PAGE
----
U.S. Ed Dept Balances First Amendment Principles in Revised Guidance on Prayer, Religious Activity in Schools
The founders left us with a balancing act on religion: the First Amendment guarantees the free exercise of religion, but forbids the government establishment of one. On the whole, an updated policy from the Biden Administration’s Department of Education does a good job of explaining – and promoting – that balance in its new guidance for state and local education agencies on what is, and what is not, permitted in prayer and religious expression in elementary to secondary schools.
Comparing the additions and deletions of this policy from the Trump administration’s version reveals – as one might expect from a left of center administration – added emphasis on the “no establishment” clause. But the new policy contains no shocking departures from traditional constitutional protections. Instead, it doubles down on the distinction between religious expression that is government-sponsored, and that which is privately expressed.
After noting Supreme Court jurisprudence that “it is no part of the business of government to compose official prayers for any group of the American people,” the updated policy declares that “nothing in the First Amendment, however, converts the public schools into religion-free zones, or requires students, teachers, or other school officials to leave their private expression at the schoolhouse door.”
Somewhat defensively, the policy notes that the “principles outlined in this updated guidance are similar” to the 2020 guidance. The new policy clearly responds to the U.S. Supreme Court’s Kennedy v. Bremerton School District opinion (2022), aka “the praying coach case,” in which the Court upheld the right of a coach to pray on a football field after a game.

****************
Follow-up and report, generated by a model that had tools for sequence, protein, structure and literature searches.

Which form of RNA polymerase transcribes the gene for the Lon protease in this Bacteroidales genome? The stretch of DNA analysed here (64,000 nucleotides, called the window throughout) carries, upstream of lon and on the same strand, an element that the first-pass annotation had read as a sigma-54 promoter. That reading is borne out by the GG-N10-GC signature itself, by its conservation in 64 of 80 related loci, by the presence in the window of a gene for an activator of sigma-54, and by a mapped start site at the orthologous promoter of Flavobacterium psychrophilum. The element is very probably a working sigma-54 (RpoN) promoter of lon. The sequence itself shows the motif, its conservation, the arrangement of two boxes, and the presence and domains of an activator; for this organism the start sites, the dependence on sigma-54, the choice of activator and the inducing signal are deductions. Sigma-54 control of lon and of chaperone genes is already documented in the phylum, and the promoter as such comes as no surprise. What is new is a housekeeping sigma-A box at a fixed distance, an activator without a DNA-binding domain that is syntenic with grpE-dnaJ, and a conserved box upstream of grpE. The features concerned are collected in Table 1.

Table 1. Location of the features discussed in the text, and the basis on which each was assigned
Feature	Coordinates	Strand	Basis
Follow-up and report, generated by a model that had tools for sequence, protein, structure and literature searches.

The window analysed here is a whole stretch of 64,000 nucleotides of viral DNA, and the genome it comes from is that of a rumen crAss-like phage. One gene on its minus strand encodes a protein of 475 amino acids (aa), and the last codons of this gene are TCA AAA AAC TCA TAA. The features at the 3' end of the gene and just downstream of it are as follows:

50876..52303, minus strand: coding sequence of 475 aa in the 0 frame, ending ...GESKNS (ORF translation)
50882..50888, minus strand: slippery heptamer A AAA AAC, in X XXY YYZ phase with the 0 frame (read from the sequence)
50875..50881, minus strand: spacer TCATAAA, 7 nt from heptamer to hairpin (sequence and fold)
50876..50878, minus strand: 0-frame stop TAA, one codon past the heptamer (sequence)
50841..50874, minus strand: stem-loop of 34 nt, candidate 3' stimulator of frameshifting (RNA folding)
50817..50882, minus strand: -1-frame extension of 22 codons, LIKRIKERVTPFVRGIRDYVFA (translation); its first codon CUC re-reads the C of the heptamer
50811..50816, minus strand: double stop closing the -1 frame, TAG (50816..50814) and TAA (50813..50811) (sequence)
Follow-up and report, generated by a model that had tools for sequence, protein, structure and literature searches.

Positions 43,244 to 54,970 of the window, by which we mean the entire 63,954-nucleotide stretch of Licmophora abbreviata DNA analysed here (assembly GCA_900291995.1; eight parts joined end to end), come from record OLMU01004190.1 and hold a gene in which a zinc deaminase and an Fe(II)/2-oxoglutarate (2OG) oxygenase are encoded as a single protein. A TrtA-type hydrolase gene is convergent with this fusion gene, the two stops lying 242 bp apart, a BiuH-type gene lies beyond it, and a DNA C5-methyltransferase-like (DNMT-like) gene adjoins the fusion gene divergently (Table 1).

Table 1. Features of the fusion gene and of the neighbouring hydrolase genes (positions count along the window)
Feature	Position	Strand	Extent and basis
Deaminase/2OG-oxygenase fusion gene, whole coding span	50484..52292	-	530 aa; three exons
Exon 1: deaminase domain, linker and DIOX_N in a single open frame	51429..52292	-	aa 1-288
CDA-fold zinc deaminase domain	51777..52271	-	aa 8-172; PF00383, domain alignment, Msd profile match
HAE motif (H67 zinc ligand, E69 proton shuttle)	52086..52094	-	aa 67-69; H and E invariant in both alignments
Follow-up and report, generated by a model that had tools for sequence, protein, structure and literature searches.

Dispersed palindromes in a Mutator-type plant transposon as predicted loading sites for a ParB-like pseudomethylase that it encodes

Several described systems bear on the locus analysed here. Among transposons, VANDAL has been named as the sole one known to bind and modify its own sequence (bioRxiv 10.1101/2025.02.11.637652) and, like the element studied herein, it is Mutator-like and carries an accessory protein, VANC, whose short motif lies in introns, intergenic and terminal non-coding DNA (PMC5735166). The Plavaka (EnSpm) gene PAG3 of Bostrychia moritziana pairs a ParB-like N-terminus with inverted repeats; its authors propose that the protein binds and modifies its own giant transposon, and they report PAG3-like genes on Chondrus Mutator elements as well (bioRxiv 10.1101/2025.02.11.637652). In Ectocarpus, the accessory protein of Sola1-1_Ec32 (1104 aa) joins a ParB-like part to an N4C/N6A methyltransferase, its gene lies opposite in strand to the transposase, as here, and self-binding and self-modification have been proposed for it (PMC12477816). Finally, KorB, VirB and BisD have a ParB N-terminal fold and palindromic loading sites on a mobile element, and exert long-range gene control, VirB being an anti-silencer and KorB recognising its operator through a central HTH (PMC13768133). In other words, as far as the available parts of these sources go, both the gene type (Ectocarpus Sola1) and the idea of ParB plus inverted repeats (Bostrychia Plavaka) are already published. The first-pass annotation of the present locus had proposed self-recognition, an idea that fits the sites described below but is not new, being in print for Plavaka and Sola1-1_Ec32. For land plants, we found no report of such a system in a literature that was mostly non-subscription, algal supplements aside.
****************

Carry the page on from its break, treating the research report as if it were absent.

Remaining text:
It cautions that schools have some right to discipline a schoolteacher, coach, or other employee for improper speech. It particularly empowers schools to discipline teachers who “pressure or encourage” students to join private prayer. “However,” the policy adds, “not everything that a public-school teacher, coach or other official says in the workplace constitutes governmental speech, and schools have less leeway to regulate employees’ genuinely private expression.”
The new policy upholds the right of teachers and other school employees to meet for prayer before school or during breaks. It upholds the central place religion has held in music, history, and literature. It allows philosophical questions concerning religion, the history of religion, comparative religion, religious texts as literature, and the role of religion in the history of the United States. It recognizes that much classical music has religious themes, which is no bar to the classics being played or sung by students.
The updated policy affirms the right of students to “express their beliefs about religion in homework, artwork, and other written and oral assignments free from discrimination based on the religious perspective of their submissions.”
Most commendably, the policy calls for the teaching of these twin First Amendment principles as an “opportunity to assist America’s youth in developing an understanding of these constitutional protections as they apply to people of all faiths and no faith and an appreciation for the core American values and freedoms that undergird them.”
In an age of culture wars, it is refreshing to see a policy from a Republican administration revised by a Democratic administration with stronger emphasis – as you would expect -- on government neutrality, while maintaining the enduring respect for religious freedom rooted in the U.S. Constitution.